By Scott Prater | Mountaineer staff
FORT CARSON, Colo. — Soldiers with the 10th Field Hospital, 627th Hospital Center, deploy regularly. In fact, they just returned from a nine-month deployment to the U.S. Central Command region this spring. So, they are perhaps the best choice of people to test an experimental form of equipment that could one-day end up being vital to Army mobile field hospitals.
For three grueling days, Aug. 20-22, 2019,, and under the watchful eyes of evaluators, the 10th FH Soldiers carried medical-manikin litters as well as wheeled litters, X-ray machines and crash carts throughout a mobile field hospital at a Fort Carson training area in an effort to test the durability and wear of an experimental flooring material.
“This is our third test of this material,” said April Schnortz, test officer, U.S. Army Medical Department Board (USAMEDDBD). “We’re testing a waterproof, insulated protective flooring, which lays over the actual task shelter flooring of the tent (field hospital) and is designed to protect and extend the life of the task shelter flooring, but also protect against heat or cold.”
USAMEDDBD personnel traveled from Fort Sam Houston, Texas, to conduct the test and evaluate its effectiveness.
HDT Global, a contractor that manufactures shelters, generators, heaters, air filtration devices, robotics and other engineered technologies currently used by U.S. and allied military units, manufactures the flooring.
“From information we’ve received, the flooring is a type of waterproof canvas,” Schnortz said. “It also has a quarter-inch layer of polyurethane foam sewn in between the canvas layers. It’s modular and versatile and made up of sections that Velcro fasten together. So, it can be used in large tents or smaller tents.”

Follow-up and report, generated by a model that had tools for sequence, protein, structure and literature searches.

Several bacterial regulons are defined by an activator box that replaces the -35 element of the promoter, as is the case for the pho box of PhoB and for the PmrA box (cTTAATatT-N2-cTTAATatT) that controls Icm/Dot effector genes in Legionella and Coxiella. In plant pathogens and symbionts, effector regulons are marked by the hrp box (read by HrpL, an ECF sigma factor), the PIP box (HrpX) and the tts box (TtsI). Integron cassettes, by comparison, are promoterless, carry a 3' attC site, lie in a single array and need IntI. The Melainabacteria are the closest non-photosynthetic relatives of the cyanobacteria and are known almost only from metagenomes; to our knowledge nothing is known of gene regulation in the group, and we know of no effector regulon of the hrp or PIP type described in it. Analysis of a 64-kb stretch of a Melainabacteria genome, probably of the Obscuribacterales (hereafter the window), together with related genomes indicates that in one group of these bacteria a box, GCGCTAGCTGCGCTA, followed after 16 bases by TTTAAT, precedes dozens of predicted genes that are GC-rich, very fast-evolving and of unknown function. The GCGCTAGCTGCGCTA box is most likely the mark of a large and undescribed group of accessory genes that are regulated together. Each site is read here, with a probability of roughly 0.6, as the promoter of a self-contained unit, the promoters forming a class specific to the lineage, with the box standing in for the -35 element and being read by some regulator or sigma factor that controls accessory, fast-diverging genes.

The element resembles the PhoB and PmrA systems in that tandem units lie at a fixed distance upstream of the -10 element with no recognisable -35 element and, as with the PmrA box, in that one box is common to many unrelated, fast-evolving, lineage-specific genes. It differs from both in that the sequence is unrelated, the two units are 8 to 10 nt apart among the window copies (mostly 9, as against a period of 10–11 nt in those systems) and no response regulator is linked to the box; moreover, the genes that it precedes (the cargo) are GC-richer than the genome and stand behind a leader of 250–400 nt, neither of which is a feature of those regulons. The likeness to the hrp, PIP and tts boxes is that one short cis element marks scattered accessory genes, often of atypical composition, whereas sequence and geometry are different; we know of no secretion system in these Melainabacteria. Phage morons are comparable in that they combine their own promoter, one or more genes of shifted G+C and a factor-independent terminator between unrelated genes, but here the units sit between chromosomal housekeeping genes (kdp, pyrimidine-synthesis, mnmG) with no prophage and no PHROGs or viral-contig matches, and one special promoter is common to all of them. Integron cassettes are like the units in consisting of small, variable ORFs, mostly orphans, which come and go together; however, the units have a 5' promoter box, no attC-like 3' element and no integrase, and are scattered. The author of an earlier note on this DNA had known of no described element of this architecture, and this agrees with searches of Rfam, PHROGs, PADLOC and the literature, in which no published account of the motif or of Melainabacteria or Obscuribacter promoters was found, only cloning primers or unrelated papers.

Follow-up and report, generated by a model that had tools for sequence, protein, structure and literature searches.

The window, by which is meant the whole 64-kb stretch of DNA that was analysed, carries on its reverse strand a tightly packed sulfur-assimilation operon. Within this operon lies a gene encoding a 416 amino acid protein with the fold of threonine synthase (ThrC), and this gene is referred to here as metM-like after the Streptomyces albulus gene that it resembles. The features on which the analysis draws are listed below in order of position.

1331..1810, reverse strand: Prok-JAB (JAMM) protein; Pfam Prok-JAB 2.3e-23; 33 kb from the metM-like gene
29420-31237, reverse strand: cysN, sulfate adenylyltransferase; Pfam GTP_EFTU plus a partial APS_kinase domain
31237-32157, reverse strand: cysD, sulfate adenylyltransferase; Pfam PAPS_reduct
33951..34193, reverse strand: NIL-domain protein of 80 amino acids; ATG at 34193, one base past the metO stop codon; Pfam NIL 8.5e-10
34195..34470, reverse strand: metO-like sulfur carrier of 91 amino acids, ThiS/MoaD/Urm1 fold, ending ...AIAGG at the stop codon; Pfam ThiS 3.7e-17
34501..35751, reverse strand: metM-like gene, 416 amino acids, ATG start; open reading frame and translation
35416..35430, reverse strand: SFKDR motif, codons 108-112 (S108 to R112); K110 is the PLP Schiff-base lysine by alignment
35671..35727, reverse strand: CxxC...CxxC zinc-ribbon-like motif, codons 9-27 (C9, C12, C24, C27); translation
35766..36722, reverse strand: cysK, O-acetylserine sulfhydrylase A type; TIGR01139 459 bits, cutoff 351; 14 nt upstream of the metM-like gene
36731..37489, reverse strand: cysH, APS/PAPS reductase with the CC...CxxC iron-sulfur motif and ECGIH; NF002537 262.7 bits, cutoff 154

Schnortz said it will be some time before a report is available about the test, but the Soldiers who tested it seemed encouraged by the flooring’s effectiveness.
“I think there’s major potential for the flooring,” said Staff Sgt. Timothy Rebich, respiratory sergeant, 534th Medical Detachment, 10th FH. “There are some minor flaws, and we’ve provided feedback suggestions about those. I also think it would work better on a graded surface. This is our regular training area and our tents sit on existing vegetation and whatever ground imperfections may be here.”
10th FH Soldiers also believed the test material was an improvement over existing tent flooring.
“The test flooring has the potential to keep water out and provide a buffer from the elements,” Rebich said. “It seems to be sturdy and water resistant, but its also light, so it doesn’t present a burden. We would have to pack it up and put in a container and plan for the extra room, but it’s not heavy. A couple of Soldiers can move it in a couple of pieces.”
Schnortz explained that previous tests with a three-quarter inch foam variety of the flooring proved less successful.
“The material bunched more and was harder to move equipment across,” she said. “It also didn’t lay as flat, so it created tripping hazards. This thinner material seems to work better in this environment, but to my understanding, the Army is not using anything like this insulated flooring for mobile field hospitals, so this is something new and possibly more effective.”